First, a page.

A dog's gait, according to the American Kennel Club, is "the pattern of footsteps at various rates of speed, each distinguished by a particular rhythm and footfall." When dogs trot, for example, the right front leg and the left hind leg move together. This is an intermediate gait, faster than walking but slower than running.

5h

Rescue Highlights Dangers, and Possibilities, at Old Mining Sites

The rescue of three people from a mine in West Virginia focused new attention on the hundreds of thousands of former mines across the country.

5h

Health checkups for alpine lakes

The best tool for assessing the health of mountain lakes comes in a very small package. According to new research, alpine species of zooplankton are excellent bioindicators of lake health. And as extreme climatic events have been shown to increase with elevation, understanding the changing ecosystems of alpine lakes is more important than ever.

5h

Age is more than just a number: Machine learning may predict if you're in for a healthy old age

Researchers analyzed skin cells from the very young to the very old and looked for molecular signatures that can be predictive of age. By applying machine-learning algorithms to these biomarkers, they were able to predict a person's actual age with less than eight years error, on average.

5h

Study on low noise, high-performance transistors may bring innovations in electronics

A research study has demonstrated micro/nano-scale transistors made of two-dimensional atomic thin materials that show high performance and low noise. The devices are less than one-hundredth of the diameter of a single human hair and could be key to innovating electronics and precision sensing.

5h

Intellectual curiosity and confidence help children take on math and reading

Children's personalities may influence how they perform in math and reading, according to a new study.

5h

Vi sender flaget til tops for det periodiske system

PLUS. FN har udpeget 2019 til det internationale år for det periodiske system i anledning af 150-året for Dmitrij Mendelejevs første udgave af systemet.

5h

Researchers make world's smallest tic-tac-toe game board with DNA

Move over Mona Lisa, here comes tic-tac-toe.

5h

This blog is dead. Long live the blog.

Blogs are synonymous with the early internet. But what is a blog, and what has it become? A blog is a platform. And this one, Scicurious, is now gone.

5h

Satellite catches the eye of rapidly intensifying Tropical Cyclone Cilida

Tropical Cyclone Cilida appeared much more organized on satellite imagery as it moved across the southwestern Indian Ocean and continued to rapidly intensify. NASA-NOAA's Suomi NPP satellite captured a visible image of Cilida that showed a cloud-covered eye.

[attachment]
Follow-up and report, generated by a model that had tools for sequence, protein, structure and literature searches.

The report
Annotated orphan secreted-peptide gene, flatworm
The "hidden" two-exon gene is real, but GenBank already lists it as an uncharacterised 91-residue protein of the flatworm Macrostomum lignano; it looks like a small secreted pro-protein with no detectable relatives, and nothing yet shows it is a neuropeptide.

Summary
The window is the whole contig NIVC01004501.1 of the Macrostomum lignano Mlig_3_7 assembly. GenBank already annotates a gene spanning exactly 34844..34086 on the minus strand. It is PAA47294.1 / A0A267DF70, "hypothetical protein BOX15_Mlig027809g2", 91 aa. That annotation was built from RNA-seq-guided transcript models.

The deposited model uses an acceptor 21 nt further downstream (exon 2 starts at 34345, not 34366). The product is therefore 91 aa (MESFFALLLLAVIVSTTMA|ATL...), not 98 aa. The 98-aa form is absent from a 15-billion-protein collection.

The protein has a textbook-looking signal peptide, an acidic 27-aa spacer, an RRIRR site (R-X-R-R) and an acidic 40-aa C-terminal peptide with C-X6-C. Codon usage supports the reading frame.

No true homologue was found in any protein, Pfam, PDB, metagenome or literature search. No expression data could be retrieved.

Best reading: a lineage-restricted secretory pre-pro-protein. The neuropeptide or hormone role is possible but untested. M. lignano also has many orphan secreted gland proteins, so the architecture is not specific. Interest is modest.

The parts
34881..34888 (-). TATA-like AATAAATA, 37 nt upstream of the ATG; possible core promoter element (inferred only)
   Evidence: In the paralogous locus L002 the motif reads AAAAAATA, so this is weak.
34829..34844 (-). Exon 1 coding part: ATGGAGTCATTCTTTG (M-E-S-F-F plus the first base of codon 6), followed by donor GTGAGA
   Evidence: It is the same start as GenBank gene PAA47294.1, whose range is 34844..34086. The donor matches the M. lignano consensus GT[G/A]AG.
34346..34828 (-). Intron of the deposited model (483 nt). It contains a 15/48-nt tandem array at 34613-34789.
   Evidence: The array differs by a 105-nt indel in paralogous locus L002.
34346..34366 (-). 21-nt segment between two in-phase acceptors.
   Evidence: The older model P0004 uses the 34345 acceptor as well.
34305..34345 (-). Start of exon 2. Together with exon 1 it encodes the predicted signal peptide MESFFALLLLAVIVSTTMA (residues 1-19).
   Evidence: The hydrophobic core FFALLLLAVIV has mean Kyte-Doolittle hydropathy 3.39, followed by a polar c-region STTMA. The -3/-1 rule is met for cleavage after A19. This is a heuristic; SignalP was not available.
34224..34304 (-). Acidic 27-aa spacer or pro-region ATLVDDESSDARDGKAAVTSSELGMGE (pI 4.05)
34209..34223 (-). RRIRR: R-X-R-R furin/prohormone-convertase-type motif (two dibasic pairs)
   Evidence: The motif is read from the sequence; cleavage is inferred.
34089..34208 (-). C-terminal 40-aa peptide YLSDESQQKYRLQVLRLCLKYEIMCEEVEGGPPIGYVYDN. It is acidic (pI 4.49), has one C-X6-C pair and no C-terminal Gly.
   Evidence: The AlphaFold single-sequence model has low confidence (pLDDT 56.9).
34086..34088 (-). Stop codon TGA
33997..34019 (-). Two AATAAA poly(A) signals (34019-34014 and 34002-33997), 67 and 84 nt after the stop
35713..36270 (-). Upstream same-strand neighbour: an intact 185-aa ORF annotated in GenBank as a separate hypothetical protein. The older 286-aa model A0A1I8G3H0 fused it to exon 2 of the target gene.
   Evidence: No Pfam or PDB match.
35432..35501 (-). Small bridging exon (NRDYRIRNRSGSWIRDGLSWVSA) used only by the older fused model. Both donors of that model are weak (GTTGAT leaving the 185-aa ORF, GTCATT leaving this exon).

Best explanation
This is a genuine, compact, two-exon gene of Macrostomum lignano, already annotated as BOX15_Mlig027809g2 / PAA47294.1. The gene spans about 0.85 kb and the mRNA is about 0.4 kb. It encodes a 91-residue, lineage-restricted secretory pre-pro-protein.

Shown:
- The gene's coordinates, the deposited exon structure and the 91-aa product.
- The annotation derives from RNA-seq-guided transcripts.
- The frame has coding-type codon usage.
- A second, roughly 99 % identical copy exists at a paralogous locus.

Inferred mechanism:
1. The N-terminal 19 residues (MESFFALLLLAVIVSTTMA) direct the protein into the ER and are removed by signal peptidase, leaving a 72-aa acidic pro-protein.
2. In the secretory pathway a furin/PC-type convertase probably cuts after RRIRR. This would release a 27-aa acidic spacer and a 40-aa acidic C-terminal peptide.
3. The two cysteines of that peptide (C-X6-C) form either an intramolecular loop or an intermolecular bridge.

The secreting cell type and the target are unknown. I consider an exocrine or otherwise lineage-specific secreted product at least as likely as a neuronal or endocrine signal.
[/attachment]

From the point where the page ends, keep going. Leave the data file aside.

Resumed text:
5h

Why insecure people buy more things

The link between a poor interpersonal life and materialism has been known for decades, but the exact reason for this connection hasn't been clear. New research shows that two problematic attachment styles can push people towards seeking the love and affection they crave in material wealth. The study shows both how broken-hearted people use materialism as a crutch and how this dependency can be re

5h

Urine drug testing may be important in early phases of addiction treatment

A new study performed by Boston Medical Center shows that urine drug testing can be a useful tool to treat patients with opioid use disorder in a primary care setting.

5h

New pathways for implementing universal suicide risk screening in healthcare settings

In 2016 alone, more than 6,000 youth in the United States under the age of 25 died by suicide. Now a report, authored in part by researchers at the NIMH, provides guidance on how to implement universal suicide risk screening of youth in medical settings. The report describes a way for hospitals to address the rising suicide rate in a way that is flexible and mindful of limited resources.

5h

Bacteria rely on classic business model

The pneumonia causing pathogen Pseudomonas aeruginosa has developed a twin-track strategy to colonize its host. It generates two different cells — motile spreaders and virulent stickers. Researchers have now elucidated how the germ attaches to tissue within seconds and consecutively spreads. Just like the business model: settling — growing — expanding.

5h

Himalayan marmot genome offers clues to life at extremely high altitudes